Greek prime minister Alexis Tsipras has unwisely accused Spain and Portugal of intentionally trying to block a solution for his country’s troublesome discussions with the Eurogroup at a Syriza party meeting. The reaction has gone beyond any reasonable limit. The two targeted nations filed formal claims to the European Commission asking it to take action against Greece. One wonders why their Foreign Ministries did not warn of the utter ridicule such a step would precipitate. Worse still, the row between European Union partners might leave longstanding scars.
The Greek government is all too conscious of having failed to deliver on its election manifesto promises. That is scarcely surprising, given the attempt to restructure outstanding debt and doing away with the rescue plan was doomed from the outset. Convincing the German Bundestag on the long-term merits of such a scenario was out of question. Even Nobel Prize laureates would be at pains to achieve such a feat. Germany stood as the real blocking hurdle all through the tough negotiations.
Greece secured an agreement on favorable political terms. After all, reviewing the current rescue package represents a formidable victory for a country bound to require extra money to cover its immediate needs. It will implement a humanitarian plan for those suffering from sheer poverty and freeze privatization processes. Other promises such as offering employment for redundant civil servants, reducing the retirement age or steeply increasing the minimum wage, will have to wait. Yet the Greek government has achieved widespread support among the population for its stubborn defence of national interests.
Was it prudent to engage in a tug-of-war with its Iberian partners? Certainly not, as such conduct only helps to underline its purported failures.
Moreover, Tsipras and his finance minister, Yanis Varoufakis, are missing the point in emphasising the Greek inability to pay back its outstanding sovereign debt. They have failed to understand that the real problem lies in the credit crunch destroying domestic businesses and jobs. By declaring bankruptcy many years before the event may materialize, they are forcing the banking system to the brink of collapse. Unless they act quickly to bolster confidence in their economy, a massive recession might ensue.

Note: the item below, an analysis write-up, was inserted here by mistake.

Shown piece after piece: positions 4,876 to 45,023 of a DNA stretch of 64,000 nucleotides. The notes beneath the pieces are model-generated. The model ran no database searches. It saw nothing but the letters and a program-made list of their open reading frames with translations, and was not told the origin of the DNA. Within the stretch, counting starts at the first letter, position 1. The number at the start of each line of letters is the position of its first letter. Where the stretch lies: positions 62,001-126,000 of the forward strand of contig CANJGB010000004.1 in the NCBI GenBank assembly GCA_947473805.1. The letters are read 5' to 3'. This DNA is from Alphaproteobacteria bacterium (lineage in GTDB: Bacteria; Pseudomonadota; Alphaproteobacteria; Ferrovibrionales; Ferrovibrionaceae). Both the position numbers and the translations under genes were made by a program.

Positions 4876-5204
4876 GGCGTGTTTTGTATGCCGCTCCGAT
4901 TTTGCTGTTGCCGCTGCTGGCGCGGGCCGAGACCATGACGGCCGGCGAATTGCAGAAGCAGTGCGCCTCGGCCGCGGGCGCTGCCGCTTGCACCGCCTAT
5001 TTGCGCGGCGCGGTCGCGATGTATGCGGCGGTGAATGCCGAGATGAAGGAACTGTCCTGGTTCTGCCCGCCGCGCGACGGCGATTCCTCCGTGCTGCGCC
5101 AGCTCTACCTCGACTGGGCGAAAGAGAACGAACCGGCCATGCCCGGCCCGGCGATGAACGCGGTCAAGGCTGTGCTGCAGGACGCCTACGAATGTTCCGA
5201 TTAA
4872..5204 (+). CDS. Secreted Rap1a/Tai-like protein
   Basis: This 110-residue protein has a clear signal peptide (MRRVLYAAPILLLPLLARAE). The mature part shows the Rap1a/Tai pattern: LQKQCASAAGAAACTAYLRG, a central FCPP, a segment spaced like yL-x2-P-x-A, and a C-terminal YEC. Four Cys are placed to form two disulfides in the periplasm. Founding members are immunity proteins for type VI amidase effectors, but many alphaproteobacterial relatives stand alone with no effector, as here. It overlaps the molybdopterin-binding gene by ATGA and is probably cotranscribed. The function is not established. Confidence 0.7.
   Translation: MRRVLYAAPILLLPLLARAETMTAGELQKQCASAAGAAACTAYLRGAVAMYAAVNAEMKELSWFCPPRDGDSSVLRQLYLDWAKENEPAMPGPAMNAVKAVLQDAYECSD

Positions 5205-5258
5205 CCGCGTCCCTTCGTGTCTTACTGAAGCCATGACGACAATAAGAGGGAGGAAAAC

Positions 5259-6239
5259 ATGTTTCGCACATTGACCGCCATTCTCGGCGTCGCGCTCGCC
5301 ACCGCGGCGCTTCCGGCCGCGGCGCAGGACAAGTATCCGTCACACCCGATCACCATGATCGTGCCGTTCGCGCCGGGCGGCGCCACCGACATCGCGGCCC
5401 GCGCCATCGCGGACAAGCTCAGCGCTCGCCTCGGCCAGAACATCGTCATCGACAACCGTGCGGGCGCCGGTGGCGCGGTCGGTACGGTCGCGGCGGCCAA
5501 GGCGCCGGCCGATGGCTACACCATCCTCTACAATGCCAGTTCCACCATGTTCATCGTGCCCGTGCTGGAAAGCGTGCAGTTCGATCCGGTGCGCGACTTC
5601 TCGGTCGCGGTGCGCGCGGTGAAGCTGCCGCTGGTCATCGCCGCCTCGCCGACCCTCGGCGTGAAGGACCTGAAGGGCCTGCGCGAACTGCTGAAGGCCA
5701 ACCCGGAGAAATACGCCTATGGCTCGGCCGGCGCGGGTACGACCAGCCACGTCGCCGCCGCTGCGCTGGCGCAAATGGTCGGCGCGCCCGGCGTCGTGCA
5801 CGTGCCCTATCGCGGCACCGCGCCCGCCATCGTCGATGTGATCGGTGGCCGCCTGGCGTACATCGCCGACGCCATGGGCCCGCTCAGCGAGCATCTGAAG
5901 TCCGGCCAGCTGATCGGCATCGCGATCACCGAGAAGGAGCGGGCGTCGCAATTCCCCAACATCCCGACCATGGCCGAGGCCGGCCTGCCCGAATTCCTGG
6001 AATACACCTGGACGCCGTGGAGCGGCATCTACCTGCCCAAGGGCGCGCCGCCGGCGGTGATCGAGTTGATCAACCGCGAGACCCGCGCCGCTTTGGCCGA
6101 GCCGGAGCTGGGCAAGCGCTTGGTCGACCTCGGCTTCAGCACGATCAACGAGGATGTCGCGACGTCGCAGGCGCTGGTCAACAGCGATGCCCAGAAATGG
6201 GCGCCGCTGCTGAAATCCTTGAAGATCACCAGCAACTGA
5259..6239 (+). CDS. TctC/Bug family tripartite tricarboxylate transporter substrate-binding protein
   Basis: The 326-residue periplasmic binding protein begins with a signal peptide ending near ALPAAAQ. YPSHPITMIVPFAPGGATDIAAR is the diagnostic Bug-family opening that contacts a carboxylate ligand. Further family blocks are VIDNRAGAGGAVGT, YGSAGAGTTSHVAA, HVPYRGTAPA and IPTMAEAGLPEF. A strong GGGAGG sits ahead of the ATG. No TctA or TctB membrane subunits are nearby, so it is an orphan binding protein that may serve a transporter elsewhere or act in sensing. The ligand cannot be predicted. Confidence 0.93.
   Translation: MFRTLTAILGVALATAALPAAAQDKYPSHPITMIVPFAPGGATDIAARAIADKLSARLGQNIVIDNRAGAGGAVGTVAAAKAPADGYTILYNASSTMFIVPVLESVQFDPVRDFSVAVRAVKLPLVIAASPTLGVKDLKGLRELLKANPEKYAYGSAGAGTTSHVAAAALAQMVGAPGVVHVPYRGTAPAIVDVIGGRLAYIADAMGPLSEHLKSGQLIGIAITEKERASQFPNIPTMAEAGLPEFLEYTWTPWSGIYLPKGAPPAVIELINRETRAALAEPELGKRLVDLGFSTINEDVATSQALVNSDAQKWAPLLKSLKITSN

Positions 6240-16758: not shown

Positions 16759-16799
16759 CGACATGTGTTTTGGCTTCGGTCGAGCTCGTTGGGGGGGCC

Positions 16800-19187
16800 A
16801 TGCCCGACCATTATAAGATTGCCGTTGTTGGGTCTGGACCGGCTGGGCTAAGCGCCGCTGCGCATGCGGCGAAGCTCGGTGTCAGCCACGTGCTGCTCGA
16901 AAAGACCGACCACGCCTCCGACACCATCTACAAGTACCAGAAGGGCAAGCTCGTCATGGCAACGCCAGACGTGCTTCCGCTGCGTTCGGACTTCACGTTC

Spain and Portugal have startled commission officials by filing a claim against a fellow partner. In taking such a reckless step, they are alienating themselves from Greek support in future negotiations.
Spain, for instance, faces a number of sensitive issues about its borders that may require full solidarity from EU partners. Just think about Gibraltar and cities in North Africa. No one in Brussels understands why Spain would engage such an acrimonious war of words with a country it might resort to for help in the future. Do not forget that key issues still require unanimous support.
This is even more pertinent when we consider that neither country has the power to block agreements on the European agenda. Both may show reluctance but will ultimately bend to the wish of those that really matter in EU decisionmaking: Germany, the United Kingdom and France. Others simply fail to command enough self-assurance for vetoing essential issues. Mariano Rajoy would well advised to pay lip service to actors with a willingness to ignite a crisis whose consequences the are ill-equipped to deal with.
This article originally appeared at The Corner, Spain’s only English-language financial news website, March 3, 2015.